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Netflix Looking to Become World's Largest Buyer of Original Content

9 Dec, 2014 By: Erik Gruenwedel

CCO Ted Sarandos says movies are being displaced by TV — with the SVOD pioneer aiming to bow original programming every two weeks

Global access and original content launches every 14 days are among Netflix’s five-year goals, chief content officer Ted Sarandos told an investor group Dec. 8 in New York.

Speaking to a packed assembly at the UBS 42nd Annual Global Media and Communications confab, Sarandos was hailed for having a “pretty cool job” spending more than $6 billion this year on content rights. Indeed, Netflix’s program costs are all the more unprecedented in that the subscription streaming service only recently began acquiring content.

The CCO said the reason for increased spending on original programming, including feature-length movies, is distribution, and more importantly, control of that distribution. Specifically, Sarandos rails against a TV ecosystem predicated on the weekly episode, and a movie business beholden to the box office window.

Netflix recently sent theater owners into a tizzy when it announced it was partnering with the The Weinstein Co. to co-produce Crouching Tiger, Hidden Dragon: The Green Destiny, sequel to the 2000 Oscar winner Crouching Tiger, Hidden Dragon. More importantly, Netflix said it would stream the movie day-and-date with its theatrical 2015 launch on select Imax screens. Theater operators have said they will bypass the movie.

Netflix also announced a four-movie deal starring and co-produced with comedian Adam Sandler that will stream simultaneously with any theatrical launch.

Sarandos contends consumers should be able to watch content on their terms, which includes binge-viewing and on-demand movies. Sarandos said ubiquitous access is in part what led to the cancellation of the Netflix/Starz distribution agreement in 2012.

He said the billion dollars earmarked over the life of the five-year Starz agreement is better spent trying to accelerate the distribution window for movies and producing original TV fare.

“I think it has less do to with the quality of television, the lack of quality movies and more with a really lousy distribution model for movies,” Sarandos said.

Original Series Coup

With Netflix launching service next year in Australia and New Zealand, the SVOD service takes another step toward global access. At the same time, sustaining subscriber growth and retention in new and existing territories requires feeding an almost insatiable appetite for content, according to Sarandos.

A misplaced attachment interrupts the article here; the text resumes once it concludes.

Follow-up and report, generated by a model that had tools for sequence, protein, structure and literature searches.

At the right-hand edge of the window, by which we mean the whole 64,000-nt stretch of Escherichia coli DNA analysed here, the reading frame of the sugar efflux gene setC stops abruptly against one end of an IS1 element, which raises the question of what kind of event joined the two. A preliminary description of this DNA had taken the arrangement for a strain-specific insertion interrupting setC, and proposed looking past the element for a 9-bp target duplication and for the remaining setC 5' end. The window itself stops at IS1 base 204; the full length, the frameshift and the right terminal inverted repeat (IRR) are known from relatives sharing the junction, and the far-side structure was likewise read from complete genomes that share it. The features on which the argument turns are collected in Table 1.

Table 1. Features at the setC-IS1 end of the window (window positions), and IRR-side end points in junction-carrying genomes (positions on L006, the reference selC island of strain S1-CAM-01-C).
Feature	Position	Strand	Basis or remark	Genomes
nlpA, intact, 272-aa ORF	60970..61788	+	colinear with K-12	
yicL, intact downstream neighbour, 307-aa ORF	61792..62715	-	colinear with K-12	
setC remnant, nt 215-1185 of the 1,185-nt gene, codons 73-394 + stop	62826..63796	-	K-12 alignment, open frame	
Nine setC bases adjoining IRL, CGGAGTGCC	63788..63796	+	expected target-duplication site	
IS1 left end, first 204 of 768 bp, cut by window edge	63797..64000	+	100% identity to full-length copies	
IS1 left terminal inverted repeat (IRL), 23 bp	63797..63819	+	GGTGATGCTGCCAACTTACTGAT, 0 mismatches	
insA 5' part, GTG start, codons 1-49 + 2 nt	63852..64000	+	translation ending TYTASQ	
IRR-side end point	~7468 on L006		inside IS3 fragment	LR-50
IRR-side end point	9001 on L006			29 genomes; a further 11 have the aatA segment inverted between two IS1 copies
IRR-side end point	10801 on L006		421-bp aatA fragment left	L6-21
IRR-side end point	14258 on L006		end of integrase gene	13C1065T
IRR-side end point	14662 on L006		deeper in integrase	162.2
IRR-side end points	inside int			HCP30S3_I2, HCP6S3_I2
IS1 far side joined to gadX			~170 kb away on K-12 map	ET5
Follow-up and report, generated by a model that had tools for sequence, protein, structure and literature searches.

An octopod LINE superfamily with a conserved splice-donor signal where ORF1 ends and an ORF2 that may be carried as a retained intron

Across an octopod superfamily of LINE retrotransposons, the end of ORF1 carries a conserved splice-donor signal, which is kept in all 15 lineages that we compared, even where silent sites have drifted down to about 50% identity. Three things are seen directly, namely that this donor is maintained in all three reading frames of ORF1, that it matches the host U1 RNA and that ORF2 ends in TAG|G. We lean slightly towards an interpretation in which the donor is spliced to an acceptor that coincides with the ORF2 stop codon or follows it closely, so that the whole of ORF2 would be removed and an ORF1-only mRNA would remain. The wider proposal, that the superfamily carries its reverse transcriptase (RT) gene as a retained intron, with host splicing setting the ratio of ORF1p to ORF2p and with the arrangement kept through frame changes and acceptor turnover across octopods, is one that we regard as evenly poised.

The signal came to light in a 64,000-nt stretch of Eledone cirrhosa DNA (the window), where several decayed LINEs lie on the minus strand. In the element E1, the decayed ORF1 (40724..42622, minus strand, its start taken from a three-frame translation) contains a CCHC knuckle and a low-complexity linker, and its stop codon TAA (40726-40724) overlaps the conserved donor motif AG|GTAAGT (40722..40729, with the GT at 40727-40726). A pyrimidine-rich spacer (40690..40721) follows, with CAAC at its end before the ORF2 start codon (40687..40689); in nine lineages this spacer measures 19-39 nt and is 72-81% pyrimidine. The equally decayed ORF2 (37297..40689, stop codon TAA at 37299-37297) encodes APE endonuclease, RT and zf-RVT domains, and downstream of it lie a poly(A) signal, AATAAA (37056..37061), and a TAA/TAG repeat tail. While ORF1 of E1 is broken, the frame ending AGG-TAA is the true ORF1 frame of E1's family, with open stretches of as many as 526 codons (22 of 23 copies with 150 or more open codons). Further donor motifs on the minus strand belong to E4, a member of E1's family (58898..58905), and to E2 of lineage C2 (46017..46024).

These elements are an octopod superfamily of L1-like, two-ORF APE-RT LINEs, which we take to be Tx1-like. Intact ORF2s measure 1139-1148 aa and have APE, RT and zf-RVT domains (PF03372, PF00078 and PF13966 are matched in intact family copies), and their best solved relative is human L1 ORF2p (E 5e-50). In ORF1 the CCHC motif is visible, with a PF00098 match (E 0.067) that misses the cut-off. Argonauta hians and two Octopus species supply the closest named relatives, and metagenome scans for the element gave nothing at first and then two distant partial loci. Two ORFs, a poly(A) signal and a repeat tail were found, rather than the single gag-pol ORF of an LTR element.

The CCO said Netflix secured two of the top episodic programs of the year: “Better Call Saul” and “Gotham” — the latter’s global pay-TV rights acquired before the first episode aired Sept. 22 on Fox.

“We see this [as Netflix becoming] the first global buyer of programming. We’re operating in 50 countries … and we went in preemptively and worked on those deals because of our confidence in [producer] Warner Bros. Television’s commitment to making ['Gotham'] a great show,” Sarandos said.

“Better Call Saul,” which is a prequel to the blockbuster cable series “Breaking Bad” (produced by Sony Pictures Television), launches on AMC Networks Feb. 8, 2015. Netflix has exclusive pay-TV rights to the series outside North America.

Similarly, through its pending landmark pay-TV deal with Walt Disney Studios, Netflix is already streaming animated hit Frozen in Scandinavia.

Sarandos said the prequel of “Breaking Bad,” written and produced by series creator Vince Gilligan, and staring most of the original cast in special appearances, is a “pretty safe bet.”

Netflix currently is in production in Brooklyn, N.Y., on the first of five original series based on Marvel superhero characters. Sarandos said early feedback on “Daredevil,” starring Charlie Cox (“Boardwalk Empire”) and Vincent D’Onfrio (“Law & Order: Criminal Intent”), among others, has been positive. The series is slated to launch next May.

Meanwhile, nautical period series “Marco Polo,” co-produced by The Weinstein Co., streams exclusively on Netflix Dec. 12, and stars Lorenzo Richelmy in the title role.

“I think what’s more precedent-setting is multi-territory global buying … fueled by the encouragement that most of the viewing in every territory we operate is on U.S. content,” Sarandos said.

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